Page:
Share on ThriftyFunThis page contains the following solutions. Have something to add? Please share your solution!
By C Tewksbury
By Esther from Plainfield, Ohio
Don't let tire sales people sell you on fancy rims or more tire than you need. If you only plan on having your car for a year, you don't need a top of the line tire.
Post your ideas.
This past month, 2 of 3 cars had nails in the tires. After further investigating, the nails were right in front of our home! It must have been from the home nearby that is doing home construction.
Fast forward, this was a big inconvenience as we were out of a car for a week since it was not safe to drive as well as time spent to repair these tires.
Now, I spend a few seconds to inspect the street in front of our home before reversing to ensure there are no nails. Running into nails is inevitable but, had we not had hazard tire insurance we'd be out $100-150 for a new tire, not to mention time.
When you get home from the evening, you can take a stroll in your street/neighbor to ensure there are no nails. If you ever find nails, properly dispose of them so no one else will run over the nail.
Also, if you see a neighbor or nearby home getting their roof done or doing any construction (probably why we had nails in-front of our home), try to take a different route if possible).
Lastly, about once a week. Try to inspect all of your tires to make sure they're nail-free and have air pressure, especially if you have far commutes (and if your car does not have tire pressure monitor to indicate if you have a flat or not).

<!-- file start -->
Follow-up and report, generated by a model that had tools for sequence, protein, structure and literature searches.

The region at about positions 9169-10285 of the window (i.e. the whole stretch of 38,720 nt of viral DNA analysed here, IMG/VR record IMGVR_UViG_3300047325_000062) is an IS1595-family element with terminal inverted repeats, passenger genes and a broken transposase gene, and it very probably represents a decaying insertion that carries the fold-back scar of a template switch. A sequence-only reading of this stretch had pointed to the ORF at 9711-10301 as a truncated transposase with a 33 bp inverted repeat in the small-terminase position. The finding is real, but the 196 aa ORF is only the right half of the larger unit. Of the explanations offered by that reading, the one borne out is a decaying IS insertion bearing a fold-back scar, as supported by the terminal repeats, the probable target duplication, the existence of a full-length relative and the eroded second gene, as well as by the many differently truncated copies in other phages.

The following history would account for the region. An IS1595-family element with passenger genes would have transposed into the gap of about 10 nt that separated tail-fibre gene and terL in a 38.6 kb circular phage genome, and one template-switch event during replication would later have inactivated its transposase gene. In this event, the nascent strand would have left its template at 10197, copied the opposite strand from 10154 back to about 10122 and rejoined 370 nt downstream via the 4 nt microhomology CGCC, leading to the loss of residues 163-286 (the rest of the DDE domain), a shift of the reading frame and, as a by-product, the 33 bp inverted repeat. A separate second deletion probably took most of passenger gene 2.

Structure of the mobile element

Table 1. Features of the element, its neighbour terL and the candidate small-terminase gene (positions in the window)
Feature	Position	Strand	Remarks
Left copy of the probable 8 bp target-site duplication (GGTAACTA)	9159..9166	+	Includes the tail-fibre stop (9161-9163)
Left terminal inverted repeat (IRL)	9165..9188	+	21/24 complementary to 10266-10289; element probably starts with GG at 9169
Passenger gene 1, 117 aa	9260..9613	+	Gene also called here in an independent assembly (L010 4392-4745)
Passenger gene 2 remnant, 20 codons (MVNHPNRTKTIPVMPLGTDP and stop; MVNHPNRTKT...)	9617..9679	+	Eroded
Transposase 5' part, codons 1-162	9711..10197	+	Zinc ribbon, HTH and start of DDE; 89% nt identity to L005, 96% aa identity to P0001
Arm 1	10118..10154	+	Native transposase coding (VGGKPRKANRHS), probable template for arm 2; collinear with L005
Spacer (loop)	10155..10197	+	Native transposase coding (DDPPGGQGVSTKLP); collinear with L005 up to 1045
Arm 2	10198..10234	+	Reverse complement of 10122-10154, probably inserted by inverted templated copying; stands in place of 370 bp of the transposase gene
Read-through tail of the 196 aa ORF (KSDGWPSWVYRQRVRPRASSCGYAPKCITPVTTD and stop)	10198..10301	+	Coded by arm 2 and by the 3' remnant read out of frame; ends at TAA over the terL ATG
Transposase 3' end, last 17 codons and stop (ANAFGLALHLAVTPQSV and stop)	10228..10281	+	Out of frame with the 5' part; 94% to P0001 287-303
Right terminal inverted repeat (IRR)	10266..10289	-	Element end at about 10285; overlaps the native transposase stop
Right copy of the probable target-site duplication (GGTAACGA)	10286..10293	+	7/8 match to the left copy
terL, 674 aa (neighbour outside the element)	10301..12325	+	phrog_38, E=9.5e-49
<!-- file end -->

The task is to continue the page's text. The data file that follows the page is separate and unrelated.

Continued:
Source: Personal Experience
I learned my lesson the hard way. Don't use the metal valve caps on your tires. It can end up costing you a lot of money!
I had a low tire and went to air it up. My valve caps were the fancy metal ones with a chrome finish on the outside. I could not get the valve cap off. So, I drove on my low tire to the tire shop a few blocks away. They also could not get it off. In order to repair my tire (I had a nail in it), they had to force it off, and that damaged the valve stem. With most cars made after 2000, the low tire sensors are in the valve stems. So, that damaged my sensor. I ended up having to get a new tire and new sensor and it was not cheap.
The tire shop told me that they see a lot of metal valve caps that corrode during the winter due to the salt on the roads. When I got home, my husband checked my other tires, and two of those were difficult to get off. The insides of the caps were a green color and had a build up in them. The next day he said something to a mechanic where he works, and the mechanic said that was a common problem with the metal caps, especially during the winter when exposed to salt or other ice melting chemicals on the roadway.
It's not the best news that you've heard when your auto mechanic tells you to replace your car's tires. It's essential, and it's a several hundred dollars investment. Is there a way to save on the new tires?
This is a page about buying blemished tires. Great tips for when you are in the market for new tires but don't care about a scuff or two.